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  • As oil prices slipped Friday, commodities trader Dan Dicker saw opportunity in oil-services plays.

  • With year's end just a month away, relative strength is one of the best tools we have to identify stocks that are likely to beat the market in 2012.

  • With the price of Brent crude “sticky,” MercBloc’s Dan Dicker has his eye on some oil services companies that he thinks are undervalued.

  • Here's our Fast Money Final Trade. Our gang gives you tomorrow's best trades, right now!

  • Ronald McDonald

    A few years ago, I pointed out in a column that the cost of insuring the US government against a default in the credit derivatives market, had risen above that of McDonalds, the US fast food company, for the first time, the FT's Gillian Tett writes.  

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    Two big deals last week — Google’s takeover bid for Motorola Mobility and Hewlett-Packard’s purchase of Autonomy — underscored the growing influence of boutique investment banks.  The New York Times reports.

  • Traders work on the floor of the New York Stock Exchange

    With no fresh U.S. economic data to rattle markets Friday, traders are bracing for another ill wind from Europe.

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    Weekly jobless claims and consumer inflation data will catch the attention of markets Thursday, as investors continue to assess the damage done in last week's market storm.

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    Now that Europe's one-day summit is out of the way, the market focus may shift back to the U.S. economy and what is bothering stocks.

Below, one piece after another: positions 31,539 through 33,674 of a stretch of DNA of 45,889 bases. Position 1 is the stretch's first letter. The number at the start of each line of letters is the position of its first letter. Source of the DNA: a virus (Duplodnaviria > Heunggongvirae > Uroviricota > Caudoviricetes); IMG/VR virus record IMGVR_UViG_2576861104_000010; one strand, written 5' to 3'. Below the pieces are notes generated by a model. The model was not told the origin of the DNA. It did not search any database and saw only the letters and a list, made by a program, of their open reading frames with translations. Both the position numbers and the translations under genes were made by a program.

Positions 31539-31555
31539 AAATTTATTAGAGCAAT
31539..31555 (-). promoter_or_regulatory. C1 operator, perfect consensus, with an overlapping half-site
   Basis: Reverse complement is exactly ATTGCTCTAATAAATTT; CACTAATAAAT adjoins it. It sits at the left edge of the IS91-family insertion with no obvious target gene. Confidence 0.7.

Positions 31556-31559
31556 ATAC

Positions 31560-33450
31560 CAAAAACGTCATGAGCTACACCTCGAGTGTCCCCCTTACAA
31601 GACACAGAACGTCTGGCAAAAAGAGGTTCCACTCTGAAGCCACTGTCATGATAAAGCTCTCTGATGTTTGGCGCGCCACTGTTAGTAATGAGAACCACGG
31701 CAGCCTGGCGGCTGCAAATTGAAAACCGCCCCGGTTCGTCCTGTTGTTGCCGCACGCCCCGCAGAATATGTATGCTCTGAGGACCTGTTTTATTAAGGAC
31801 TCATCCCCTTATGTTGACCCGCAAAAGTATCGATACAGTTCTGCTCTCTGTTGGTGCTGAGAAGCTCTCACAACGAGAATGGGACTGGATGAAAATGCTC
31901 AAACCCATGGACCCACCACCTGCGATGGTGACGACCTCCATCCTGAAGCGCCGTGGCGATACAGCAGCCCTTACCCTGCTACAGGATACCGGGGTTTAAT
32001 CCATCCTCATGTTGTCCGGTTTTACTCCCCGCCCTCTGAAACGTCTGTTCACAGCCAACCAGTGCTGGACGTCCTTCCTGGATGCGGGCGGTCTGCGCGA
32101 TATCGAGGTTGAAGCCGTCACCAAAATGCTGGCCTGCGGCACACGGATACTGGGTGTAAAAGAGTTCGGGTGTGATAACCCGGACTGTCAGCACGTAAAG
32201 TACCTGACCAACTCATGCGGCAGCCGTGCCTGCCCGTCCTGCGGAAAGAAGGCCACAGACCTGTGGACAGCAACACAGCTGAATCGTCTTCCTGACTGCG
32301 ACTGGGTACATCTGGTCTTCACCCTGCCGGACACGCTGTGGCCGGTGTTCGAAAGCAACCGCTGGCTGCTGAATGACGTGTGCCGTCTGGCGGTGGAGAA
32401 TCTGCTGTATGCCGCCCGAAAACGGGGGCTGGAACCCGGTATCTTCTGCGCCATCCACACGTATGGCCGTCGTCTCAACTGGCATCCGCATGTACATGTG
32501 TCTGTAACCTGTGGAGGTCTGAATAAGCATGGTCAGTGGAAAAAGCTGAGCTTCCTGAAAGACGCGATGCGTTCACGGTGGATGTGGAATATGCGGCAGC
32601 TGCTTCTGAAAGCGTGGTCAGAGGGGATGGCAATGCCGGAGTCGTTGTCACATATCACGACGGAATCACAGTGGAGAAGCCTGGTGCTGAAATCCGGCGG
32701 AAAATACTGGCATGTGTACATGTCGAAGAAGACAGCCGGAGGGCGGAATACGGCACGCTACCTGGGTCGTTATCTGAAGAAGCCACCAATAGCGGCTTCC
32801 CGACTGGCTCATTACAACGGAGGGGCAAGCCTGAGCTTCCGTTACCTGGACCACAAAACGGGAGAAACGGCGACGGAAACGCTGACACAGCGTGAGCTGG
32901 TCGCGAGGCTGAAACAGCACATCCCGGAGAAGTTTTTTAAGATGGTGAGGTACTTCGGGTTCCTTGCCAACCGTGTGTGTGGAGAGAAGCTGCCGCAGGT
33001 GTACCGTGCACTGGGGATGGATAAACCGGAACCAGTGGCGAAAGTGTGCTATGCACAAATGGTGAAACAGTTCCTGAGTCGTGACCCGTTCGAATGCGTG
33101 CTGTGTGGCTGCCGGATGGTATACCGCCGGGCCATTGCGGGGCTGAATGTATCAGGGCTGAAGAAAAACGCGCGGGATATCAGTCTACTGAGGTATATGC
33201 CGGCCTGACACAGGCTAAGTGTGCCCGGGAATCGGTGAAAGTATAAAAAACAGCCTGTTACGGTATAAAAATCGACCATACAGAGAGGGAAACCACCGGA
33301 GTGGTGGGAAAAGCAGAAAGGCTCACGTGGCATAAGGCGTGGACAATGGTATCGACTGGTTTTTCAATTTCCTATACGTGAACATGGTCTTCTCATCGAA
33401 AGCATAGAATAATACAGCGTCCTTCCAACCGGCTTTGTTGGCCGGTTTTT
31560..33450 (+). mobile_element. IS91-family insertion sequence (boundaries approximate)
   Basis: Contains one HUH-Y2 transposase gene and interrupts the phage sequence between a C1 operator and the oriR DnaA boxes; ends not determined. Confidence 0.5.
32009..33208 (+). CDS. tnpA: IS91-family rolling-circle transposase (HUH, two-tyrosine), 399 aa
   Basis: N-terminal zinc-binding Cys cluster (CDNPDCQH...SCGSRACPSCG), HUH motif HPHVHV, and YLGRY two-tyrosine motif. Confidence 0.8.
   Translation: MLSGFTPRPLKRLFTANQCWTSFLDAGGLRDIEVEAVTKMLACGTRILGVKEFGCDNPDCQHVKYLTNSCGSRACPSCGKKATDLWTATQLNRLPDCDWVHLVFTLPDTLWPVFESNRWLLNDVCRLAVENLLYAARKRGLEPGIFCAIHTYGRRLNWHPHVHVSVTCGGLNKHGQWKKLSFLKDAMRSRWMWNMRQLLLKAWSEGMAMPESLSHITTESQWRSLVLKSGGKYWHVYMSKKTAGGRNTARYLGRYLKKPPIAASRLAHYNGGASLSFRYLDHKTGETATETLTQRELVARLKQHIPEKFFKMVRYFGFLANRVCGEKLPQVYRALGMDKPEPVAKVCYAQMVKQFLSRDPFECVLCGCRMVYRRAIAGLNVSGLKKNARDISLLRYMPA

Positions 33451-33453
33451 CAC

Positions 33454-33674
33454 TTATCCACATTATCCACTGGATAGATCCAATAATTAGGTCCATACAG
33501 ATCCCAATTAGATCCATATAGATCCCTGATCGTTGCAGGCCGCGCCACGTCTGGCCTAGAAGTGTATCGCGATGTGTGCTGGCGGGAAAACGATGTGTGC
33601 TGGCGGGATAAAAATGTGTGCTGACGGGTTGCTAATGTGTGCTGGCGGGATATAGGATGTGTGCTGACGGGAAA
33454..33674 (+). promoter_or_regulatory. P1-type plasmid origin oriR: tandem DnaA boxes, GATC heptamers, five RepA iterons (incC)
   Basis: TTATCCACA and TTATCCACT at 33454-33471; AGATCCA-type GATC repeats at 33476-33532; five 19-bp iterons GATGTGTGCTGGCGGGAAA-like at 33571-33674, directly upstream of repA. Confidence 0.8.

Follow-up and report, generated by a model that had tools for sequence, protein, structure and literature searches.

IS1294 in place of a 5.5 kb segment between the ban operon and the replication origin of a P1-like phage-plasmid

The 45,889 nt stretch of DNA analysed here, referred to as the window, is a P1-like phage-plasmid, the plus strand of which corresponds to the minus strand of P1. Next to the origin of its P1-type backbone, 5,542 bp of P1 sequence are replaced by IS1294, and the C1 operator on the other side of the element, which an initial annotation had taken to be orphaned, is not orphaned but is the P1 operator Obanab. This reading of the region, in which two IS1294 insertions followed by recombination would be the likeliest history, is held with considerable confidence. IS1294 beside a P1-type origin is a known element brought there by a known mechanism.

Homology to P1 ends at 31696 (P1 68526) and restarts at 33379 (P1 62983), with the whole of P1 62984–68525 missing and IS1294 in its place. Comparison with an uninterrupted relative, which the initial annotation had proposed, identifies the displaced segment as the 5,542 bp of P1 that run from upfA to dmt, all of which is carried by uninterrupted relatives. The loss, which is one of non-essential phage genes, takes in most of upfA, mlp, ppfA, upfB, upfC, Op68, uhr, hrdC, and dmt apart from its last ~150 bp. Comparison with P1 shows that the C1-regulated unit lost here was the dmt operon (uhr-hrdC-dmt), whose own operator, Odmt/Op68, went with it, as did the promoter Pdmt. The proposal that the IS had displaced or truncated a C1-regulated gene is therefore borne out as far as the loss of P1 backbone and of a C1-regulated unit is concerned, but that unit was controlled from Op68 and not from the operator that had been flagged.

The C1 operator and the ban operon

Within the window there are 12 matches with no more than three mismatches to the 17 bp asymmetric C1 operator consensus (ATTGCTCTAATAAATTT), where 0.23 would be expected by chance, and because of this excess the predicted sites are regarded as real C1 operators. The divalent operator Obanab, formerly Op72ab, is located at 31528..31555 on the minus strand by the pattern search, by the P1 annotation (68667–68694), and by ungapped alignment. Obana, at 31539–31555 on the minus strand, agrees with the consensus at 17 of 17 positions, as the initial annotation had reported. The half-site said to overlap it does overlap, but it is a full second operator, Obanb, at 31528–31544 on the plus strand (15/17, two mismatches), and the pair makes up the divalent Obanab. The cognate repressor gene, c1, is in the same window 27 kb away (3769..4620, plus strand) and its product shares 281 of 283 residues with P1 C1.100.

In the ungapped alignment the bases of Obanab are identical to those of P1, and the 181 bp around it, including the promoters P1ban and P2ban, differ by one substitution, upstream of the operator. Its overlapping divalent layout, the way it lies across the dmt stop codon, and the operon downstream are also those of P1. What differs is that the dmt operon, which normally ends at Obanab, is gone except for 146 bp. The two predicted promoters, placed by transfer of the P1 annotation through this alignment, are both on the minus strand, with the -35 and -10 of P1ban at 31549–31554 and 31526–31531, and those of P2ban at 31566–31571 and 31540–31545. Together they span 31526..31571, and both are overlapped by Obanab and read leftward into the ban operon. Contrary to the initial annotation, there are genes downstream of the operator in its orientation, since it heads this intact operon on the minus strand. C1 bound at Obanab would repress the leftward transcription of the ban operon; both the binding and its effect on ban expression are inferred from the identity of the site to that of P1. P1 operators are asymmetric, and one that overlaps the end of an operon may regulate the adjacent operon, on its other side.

• Rupert Murdoch

    Rupert Murdoch's growing phone-hacking scandal continues to be the media story of the moment.

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    This week's rally has been powerful with most indexes nearly erasing their losses during the first three weeks of June, while sector rotation amongst tech and energy stocks has been significant.

  • Here is a look at the best-performing stocks in the top-performing sectors year-to-date.

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    European stocks were indicated to open stronger Wednesday after Tuesday's sell-off, as Asian shares shrugged off a mixed US close.

  • Stocks traded slightly higher, led by energy and materials stocks, ahead of the release of the Federal Reserve's policy meeting minutes this afternoon.

  • Stocks added to losses amid mixed earnings results, disappointing U.S. economic news, and continuing worries about the euro zone debt crisis.

  • Stock futures weakened after a disappointing forecast by Hewlett-Packard, and after a worse-than-expected report on housing.

  • In the past 8 trading sessions, energy has halved its gains in 2011, up only 8.8%, compared to an 18% increase at the end of April.

  • Stocks tumbled as the unrest in Libya—and the cut-off in Libyan oil supplies—sent oil prices soaring and gave skittish investors a reason to sell stocks in a market that had climbed to multi-year highs. Alcoa and JPMorgan fell, while Kraft gained.

  • Stocks held steep losses into the close as the unrest in Libya sent oil prices soaring and gave skittish investors a reason to sell stocks in a market that had climbed to multi-year highs. Alcoa and Bank of America fell, hwile Kraft rose.

  • Stock index futures pointed to a lower open for Wall Street Tuesday as mounting violence in Libya prompted investors to cash in recent gains and take a more cautious stance after the President’s holiday on Monday.